Fr. Dwight Longenecker has released his second Screwtape-style novel, Slubgrip Instructs. C.S. Lewis fans are understandably wary: Is it possible to write a follow-on work that’s more than a pastiche? The answer is yes, and there are good literary reasons why Longenecker has succeeded.
Quick Background: The Screwtape Letters by C.S. Lewis is a novel told from the perspective of the demons charged with tempting a young man. It’s a humorous and insightful look at the pitfalls and glorious reality of the Christian life. In 2009, Fr. Dwight Longenecker, avowedly steeped in the Lewis tradition, published a Catholic follow-on to Screwtape, The Gargoyle Code. Styled as a Lenten devotion, it’s a page-turning look at the perils of life in the Catholic pews.
The newly-released Slubgrip Instructs is another Lenten “devotional”, if by “devotional” you mean “wicked satire, painfully true.” The the theory is that you’ll read one entry a day from Mardi Gras to Easter. I lack that penitential capacity, so I read Slubgrip the same way I’ve read and re-read its predecessors, in a single sitting. Slubgrip delves into fresh territory: We’re looking at the popular culture now. The title character, Slubgrip, is charged with teaching aspiring-tempters how their “Father Below’s” corps of minions work through academia, the popular press, and entertainment to create a social mindset that distorts our understanding of truth and goodness.
The book succeeds. It’s a tour of everything you’ll want your teenager to know before going out into the world, and that you wish most of your fellows in the pews knew, too. Because it’s a satirical novel, it’s not just true, it’s entertaining. (Which causes a bit of discomfort when one gets to the installment on our national addiction to being entertained.)
Why It Works: What Does it Take to Write this Stuff?
How is it that Fr. Longenecker has managed to produce two excellent additions to the Screwtape genre, rather than merely passing off a bit of ho-hum fan-fiction? There are three reasons:
- The man knows satire. He’s been working the alter-egos over at his blog for ages now.
- The story-telling is there. Longenecker understands how a novel works. He can generate a plot and see it through.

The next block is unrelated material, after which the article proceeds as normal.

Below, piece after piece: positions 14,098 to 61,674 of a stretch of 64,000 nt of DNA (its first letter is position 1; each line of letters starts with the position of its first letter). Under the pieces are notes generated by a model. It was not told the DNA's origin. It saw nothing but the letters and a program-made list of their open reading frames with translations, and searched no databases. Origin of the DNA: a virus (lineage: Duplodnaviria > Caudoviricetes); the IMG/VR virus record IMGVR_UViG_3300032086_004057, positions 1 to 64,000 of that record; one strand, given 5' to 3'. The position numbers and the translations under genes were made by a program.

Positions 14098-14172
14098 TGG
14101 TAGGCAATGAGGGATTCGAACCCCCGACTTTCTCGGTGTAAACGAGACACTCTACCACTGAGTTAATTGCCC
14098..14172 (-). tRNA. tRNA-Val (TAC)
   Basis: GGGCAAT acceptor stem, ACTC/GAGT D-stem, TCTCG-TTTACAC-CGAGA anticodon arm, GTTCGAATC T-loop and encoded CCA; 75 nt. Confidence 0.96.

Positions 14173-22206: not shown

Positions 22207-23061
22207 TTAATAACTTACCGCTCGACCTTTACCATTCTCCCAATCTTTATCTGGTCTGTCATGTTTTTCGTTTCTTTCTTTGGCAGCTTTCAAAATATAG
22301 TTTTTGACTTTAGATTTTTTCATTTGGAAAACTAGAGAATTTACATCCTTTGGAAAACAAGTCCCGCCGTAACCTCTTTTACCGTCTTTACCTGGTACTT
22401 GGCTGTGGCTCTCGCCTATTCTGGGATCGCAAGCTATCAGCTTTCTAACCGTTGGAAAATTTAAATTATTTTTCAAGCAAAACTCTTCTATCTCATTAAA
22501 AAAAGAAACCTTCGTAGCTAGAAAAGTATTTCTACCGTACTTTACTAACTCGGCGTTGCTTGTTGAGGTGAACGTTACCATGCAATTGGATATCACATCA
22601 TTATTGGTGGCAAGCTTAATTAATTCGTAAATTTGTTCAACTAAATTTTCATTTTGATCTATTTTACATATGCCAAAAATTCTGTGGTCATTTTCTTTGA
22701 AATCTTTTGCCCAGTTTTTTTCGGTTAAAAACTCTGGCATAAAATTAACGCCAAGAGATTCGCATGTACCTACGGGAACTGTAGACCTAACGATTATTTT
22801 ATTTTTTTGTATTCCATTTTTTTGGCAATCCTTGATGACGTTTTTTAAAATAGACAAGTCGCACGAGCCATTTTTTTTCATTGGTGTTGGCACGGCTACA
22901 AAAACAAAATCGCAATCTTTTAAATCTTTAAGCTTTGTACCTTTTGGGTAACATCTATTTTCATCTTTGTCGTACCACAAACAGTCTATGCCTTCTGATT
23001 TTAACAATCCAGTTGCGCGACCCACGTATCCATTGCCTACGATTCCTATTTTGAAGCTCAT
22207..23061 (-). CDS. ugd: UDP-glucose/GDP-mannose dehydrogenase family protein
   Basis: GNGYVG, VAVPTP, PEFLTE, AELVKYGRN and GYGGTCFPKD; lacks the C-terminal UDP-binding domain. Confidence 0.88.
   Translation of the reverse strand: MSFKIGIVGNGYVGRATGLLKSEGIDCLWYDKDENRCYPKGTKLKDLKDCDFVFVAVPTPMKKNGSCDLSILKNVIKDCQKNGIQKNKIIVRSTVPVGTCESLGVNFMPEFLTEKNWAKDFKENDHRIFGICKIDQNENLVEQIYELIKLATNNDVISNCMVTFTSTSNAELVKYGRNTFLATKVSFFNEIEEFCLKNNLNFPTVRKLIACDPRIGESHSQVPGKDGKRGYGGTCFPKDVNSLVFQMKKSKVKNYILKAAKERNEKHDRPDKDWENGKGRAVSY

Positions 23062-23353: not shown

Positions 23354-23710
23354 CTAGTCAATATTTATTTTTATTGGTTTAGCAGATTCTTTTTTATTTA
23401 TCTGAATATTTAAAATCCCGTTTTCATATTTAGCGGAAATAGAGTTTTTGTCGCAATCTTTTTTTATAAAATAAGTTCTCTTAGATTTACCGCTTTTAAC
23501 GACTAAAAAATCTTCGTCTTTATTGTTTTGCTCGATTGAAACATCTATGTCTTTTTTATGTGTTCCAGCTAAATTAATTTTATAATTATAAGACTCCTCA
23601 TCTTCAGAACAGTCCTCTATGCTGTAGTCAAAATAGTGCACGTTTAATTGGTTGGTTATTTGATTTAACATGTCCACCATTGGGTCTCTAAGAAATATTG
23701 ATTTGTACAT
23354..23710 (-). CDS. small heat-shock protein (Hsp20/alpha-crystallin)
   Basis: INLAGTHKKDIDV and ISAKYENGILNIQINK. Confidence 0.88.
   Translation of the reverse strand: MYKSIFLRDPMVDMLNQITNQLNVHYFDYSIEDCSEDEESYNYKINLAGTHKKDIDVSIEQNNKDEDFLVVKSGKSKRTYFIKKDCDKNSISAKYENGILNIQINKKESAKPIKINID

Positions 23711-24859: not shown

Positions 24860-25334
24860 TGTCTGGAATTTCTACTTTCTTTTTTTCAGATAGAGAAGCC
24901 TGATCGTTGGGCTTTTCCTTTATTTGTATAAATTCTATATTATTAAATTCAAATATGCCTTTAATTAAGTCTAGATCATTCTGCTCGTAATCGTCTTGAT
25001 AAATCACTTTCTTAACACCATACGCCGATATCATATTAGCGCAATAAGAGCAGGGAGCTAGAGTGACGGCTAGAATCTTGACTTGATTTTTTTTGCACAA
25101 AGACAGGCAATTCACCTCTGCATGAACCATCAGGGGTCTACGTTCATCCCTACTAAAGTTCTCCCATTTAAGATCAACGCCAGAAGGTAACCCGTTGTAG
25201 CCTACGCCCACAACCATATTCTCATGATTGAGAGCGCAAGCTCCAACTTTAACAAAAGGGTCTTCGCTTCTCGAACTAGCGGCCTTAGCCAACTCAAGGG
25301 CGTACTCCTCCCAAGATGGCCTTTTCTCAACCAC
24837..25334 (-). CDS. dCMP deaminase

- He has the intellectual substance to back it up.
#3 is crucial. Satire alone gives you The Onion. Good story-telling alone gives you Agatha Christie — the sort of output that distracts you with turning pages sufficiently that you mostly don’t notice the doubtful literary merits of the work. Longenecker has the intellectual formation and the decades of practical theology needed to pull off a work that can stand on its own among the authors he counts as his mentors, no humble shuffling required.
Who Should Read this Book?
If you really love Family Circle and Umbert the Unborn, Slubgrip is not for you. You can read an excerpt from the book here, to make sure it’s your speed. In general, I’d say that if you enjoy satire and want the punch of Knox with the easy-reading of Lewis, it’s your genre. Recommended for ages high school and up.
- Sarah Reinhard reviews Slubgrip.
- The Patheos Slubgrip Book Club landing site.
- Caitlin O’Rourke, one of Fr. L’s many guest bloggers, who will give you a feel for how he feels about religious people.
Full disclosure: I’m a longtime reader of Fr. L’s blog, and we know each other professionally and socially just enough to have a rough idea of each other’s worst faults. He sent me a PDF review copy of Slubgrip, and I’ll be spending my own money at my local Catholic bookstore to buy a hard copy for my shelves, which I’ll store in the hall bath, where my teenage son will find it.